So, what’s the big deal about it, especially with speed dialing from your phone? The fact is that most calls are familiar calls and don’t need to be looked up. The key strokes and time it takes to get to speed dialing exceeds the three area code strokes it takes to dial a friend, so suck it up.

On a scale of one to 10, the annoyance is medium and will continue to drop as people get used to it, but it’s a step backwards in convenience.

Fred Stewart

Grand Junction

Cost of nursing care

I was excited to vote to build a new nursing home facility in Rifle, and it had long been overdue for the seniors of Rifle.

However, that excitement dimmed when I learned that the cost of placing an individual in that center is $397 per day or $12,000 per month or $144,000.00 per year. Who could possibly afford this for their loved ones?

Voters were duped into voting for a facility that only the rich can afford.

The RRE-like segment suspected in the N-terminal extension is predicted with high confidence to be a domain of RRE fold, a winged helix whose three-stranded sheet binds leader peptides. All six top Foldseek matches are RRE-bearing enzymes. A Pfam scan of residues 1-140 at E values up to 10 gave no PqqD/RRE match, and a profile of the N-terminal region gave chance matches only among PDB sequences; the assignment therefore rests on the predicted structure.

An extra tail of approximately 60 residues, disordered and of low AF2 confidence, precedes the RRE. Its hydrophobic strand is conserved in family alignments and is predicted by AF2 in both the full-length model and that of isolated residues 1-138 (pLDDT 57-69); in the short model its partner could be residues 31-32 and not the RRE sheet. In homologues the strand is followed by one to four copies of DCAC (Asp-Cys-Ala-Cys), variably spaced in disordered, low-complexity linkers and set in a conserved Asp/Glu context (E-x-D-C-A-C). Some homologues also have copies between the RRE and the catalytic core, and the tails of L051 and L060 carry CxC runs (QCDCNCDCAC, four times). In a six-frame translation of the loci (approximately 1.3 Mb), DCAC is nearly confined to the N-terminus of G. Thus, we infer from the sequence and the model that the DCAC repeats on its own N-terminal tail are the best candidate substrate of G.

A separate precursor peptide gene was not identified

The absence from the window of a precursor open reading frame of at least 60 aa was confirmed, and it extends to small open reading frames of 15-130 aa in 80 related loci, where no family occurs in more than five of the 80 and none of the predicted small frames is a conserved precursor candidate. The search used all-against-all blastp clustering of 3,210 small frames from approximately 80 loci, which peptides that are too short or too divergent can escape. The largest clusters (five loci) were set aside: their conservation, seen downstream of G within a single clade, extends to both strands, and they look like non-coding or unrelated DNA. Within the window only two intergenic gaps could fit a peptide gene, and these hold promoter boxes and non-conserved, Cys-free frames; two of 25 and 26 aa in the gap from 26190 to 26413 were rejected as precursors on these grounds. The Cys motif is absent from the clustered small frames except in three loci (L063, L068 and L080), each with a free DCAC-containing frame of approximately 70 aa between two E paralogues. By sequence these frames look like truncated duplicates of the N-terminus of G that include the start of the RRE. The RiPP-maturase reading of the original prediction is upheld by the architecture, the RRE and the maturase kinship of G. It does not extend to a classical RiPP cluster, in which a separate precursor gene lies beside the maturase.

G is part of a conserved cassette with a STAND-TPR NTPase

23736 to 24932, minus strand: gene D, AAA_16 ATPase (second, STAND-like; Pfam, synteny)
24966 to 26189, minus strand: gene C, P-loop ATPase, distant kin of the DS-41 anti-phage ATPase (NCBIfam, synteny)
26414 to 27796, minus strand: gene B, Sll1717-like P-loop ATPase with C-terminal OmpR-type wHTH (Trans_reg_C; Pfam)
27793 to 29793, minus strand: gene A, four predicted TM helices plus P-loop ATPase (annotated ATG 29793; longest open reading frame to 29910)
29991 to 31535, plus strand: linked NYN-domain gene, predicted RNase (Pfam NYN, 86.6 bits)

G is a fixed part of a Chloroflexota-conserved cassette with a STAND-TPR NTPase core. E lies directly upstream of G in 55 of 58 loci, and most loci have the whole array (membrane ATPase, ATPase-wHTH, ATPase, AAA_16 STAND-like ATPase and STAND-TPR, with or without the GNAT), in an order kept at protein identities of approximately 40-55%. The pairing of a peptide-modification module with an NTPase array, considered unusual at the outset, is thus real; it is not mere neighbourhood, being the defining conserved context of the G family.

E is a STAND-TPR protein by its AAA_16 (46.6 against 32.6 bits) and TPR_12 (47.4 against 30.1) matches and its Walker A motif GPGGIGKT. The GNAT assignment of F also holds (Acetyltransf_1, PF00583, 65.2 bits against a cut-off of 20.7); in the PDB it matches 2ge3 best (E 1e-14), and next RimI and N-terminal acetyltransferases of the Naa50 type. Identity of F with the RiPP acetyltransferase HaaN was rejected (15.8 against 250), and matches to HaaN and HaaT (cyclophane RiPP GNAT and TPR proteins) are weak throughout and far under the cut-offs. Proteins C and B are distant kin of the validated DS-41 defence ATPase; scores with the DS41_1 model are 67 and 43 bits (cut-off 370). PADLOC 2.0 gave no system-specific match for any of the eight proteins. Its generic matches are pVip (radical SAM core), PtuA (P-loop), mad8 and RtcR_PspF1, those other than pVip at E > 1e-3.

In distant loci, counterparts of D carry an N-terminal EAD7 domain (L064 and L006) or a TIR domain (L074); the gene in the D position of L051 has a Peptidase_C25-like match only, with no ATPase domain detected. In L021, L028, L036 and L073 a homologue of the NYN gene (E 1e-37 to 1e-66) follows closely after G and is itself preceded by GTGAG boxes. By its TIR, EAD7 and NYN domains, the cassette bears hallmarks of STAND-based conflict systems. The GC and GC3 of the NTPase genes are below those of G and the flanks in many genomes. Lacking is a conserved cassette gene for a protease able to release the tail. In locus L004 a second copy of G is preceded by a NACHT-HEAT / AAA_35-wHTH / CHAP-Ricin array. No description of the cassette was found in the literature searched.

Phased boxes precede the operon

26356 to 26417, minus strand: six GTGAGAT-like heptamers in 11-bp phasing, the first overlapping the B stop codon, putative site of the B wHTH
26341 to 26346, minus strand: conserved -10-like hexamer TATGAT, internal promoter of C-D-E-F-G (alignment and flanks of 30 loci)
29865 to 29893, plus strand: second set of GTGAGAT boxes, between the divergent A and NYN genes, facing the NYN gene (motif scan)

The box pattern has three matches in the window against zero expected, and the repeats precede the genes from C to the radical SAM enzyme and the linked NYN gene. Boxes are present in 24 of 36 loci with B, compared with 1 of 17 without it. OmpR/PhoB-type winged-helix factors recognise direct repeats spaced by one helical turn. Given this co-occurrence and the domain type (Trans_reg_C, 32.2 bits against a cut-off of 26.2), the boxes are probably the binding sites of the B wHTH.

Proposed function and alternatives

Samantha Harrison


(Editor’s note: According to Grand River Health, rates are not set by Grand River but instead by the state of Colorado based on the cost of providing 24-hour medical care, plus room and board.)

Comment for cleanup

Taking responsibility for your actions and cleaning up after yourself are important lessons that most of us learn growing up. Unfortunately, these values have not always been a part of the oil and gas industry’s work ethic. Throughout Colorado, there are hundreds of unplugged oil and gas wells that have been abandoned by operators, venting toxic pollution into our air and threatening to leak crude into our groundwater. If the company doesn’t clean them up, taxpayers have to foot the bill for plugging the wells and reclaiming the land around them.

The Colorado Oil and Gas Conservation Commission is considering rules that would hold oil and gas operators accountable. Operators would be required to set aside enough money to clean up their mess before they begin drilling and begin plugging wells that are approaching the end of their usefulness. The rules would also define which wells need to be cleaned up and when so that operators cannot game the system by claiming their wells are still productive.